The hostile relationship between the ruling party and the private media might be the factor behind the alleged abuse of the state media by the ruling party. Botswana Democratic Party(BDP)’s Executive Secretary Comma Serema recently attended a workshop sponsored by the Media Institute of Southern Africa (MISA) where he revealed that what BDP is doing with the state media is simply good public relations.
Serema said that by using the state media to write positive things about the current ruling party, they are trying to manage their brand, which is the BDP.
Serema said, as the ruling party, they have a responsibility to ensure that they are projecting a good image all the time because of all the negative reporting that comes from the private media.
“Imagine waking up every day to find different newspapers always saying negative things about the country. The private media never reports on anything good that the party or the government does; the only way we could talk about the positive things we do is through the state media,” said Serema.
For well over two years now, opposition parties have been accusing BTV, Radio Botswana and the Daily News of bias towards the ruling party in terms of coverage.
Serema said that this could be because the private media has always shown bias against the ruling party.
The private media, he said, goes out of its way to portray the party in a bad light all the time.
“There was a time before the elections when I picked up a Mmegi paper only to find the front page headline screaming, “Vote Moupo”. I was shocked to say the least. How are we supposed to think that the private media is fair when they write stories like that?” asked Serema.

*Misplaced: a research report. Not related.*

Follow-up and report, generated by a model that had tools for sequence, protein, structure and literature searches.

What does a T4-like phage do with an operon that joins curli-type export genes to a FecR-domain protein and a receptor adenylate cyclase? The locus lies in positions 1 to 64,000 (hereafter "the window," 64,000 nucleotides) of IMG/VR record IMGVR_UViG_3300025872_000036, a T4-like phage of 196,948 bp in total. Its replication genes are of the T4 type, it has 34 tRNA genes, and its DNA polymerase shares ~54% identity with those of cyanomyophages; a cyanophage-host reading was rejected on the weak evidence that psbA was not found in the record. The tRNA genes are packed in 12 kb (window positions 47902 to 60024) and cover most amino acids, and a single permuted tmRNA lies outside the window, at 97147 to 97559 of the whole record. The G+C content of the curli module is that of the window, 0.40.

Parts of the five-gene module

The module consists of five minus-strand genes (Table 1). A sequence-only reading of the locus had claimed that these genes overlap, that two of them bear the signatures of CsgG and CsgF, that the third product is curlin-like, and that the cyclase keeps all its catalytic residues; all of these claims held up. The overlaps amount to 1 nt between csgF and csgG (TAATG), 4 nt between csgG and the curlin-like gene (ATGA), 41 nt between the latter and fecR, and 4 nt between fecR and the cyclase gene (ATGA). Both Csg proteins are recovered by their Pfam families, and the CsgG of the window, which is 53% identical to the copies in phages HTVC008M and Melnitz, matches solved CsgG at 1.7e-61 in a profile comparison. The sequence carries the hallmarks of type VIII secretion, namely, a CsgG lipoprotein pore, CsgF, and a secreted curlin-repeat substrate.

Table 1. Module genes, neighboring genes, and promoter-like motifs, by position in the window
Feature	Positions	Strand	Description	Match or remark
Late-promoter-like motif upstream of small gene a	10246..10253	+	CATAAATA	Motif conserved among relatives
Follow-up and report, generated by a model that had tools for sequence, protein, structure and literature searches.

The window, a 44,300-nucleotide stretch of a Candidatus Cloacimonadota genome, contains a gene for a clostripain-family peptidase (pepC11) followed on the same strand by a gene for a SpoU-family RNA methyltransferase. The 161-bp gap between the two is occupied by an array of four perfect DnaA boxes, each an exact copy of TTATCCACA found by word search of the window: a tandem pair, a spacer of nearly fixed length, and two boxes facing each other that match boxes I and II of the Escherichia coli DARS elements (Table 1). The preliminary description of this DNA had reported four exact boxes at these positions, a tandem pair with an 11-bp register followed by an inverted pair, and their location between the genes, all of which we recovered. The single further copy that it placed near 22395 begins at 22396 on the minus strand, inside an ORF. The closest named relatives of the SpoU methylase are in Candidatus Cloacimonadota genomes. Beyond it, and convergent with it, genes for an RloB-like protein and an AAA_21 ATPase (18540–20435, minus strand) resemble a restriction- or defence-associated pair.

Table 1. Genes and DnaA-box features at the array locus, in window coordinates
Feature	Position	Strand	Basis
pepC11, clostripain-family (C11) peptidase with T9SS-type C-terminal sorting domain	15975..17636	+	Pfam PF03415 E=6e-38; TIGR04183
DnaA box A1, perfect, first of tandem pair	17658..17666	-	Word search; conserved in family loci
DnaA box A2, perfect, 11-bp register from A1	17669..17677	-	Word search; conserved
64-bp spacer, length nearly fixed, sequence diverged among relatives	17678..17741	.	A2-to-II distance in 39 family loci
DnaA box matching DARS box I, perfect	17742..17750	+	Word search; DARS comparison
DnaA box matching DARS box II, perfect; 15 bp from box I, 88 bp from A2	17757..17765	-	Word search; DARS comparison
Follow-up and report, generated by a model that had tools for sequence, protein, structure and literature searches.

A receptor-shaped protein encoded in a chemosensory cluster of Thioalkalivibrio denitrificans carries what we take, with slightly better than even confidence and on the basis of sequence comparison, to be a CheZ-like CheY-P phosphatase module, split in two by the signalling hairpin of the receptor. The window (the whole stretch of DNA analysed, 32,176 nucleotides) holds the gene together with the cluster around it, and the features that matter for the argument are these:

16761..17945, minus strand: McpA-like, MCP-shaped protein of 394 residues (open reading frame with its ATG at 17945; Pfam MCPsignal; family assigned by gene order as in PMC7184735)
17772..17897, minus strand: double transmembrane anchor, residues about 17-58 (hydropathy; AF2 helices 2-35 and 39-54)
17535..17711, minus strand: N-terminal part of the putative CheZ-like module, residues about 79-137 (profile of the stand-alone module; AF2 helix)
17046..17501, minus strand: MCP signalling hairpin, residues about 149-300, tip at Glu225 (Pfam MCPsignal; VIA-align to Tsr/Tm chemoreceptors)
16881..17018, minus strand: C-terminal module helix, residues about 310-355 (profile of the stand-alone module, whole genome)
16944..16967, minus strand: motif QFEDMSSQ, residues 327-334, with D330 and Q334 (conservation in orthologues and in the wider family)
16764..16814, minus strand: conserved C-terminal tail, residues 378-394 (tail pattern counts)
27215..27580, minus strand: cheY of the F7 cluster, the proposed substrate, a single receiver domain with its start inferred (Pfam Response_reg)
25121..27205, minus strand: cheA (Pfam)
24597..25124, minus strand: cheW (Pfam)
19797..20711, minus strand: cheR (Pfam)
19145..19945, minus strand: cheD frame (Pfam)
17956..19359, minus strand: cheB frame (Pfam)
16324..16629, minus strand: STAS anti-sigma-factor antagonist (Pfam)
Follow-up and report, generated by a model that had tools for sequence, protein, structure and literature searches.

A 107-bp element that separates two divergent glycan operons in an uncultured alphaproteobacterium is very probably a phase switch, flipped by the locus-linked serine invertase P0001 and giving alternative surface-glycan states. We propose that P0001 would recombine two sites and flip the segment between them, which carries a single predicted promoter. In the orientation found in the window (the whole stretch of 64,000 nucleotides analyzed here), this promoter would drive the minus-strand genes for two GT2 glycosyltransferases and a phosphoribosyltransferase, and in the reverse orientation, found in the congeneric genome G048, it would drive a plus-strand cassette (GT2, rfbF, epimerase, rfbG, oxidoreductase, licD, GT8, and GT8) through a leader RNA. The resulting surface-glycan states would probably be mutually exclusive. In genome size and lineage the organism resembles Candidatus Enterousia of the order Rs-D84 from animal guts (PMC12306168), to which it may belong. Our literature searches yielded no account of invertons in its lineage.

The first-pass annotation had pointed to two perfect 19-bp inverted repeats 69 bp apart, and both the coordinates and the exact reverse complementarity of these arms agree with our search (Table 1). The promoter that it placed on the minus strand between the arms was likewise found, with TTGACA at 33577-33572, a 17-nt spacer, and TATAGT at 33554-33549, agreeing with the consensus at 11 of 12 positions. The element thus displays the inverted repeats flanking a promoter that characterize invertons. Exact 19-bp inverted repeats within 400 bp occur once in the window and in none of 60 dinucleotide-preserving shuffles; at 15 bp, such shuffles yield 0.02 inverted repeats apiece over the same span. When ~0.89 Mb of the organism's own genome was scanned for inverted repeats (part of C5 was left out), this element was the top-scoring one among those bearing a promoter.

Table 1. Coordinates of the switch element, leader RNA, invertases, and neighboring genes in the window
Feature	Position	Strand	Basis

Addressing a question from University of Botswana (UB) lecturer Thapelo Otlogetswe, in which he was asking about the blackout of coverage about the new party, the Botswana Movement for Democracy (BMD) by the state media, Serema said that it was because there was nothing of civil interest in the new party.
He said that BMD members go around insulting him and the president but, put on the spot, he couldn’t point out such an instance where they were insulted. He said that the reason they were not receiving any coverage was because their party was brought about by personal vendettas.
“These people have said a lot of bad things,” said Serema.
He, however, said he had no problem with them going around and publicising their new party and its manifesto; he only had a problem with them because they insult people.
Questions were fired at a cornered Serema, asking him to explain what he perceived to be insults because those present said the only thing they have heard the members address the president as was as a dictator, when, in fact, the word dictator is not an insult.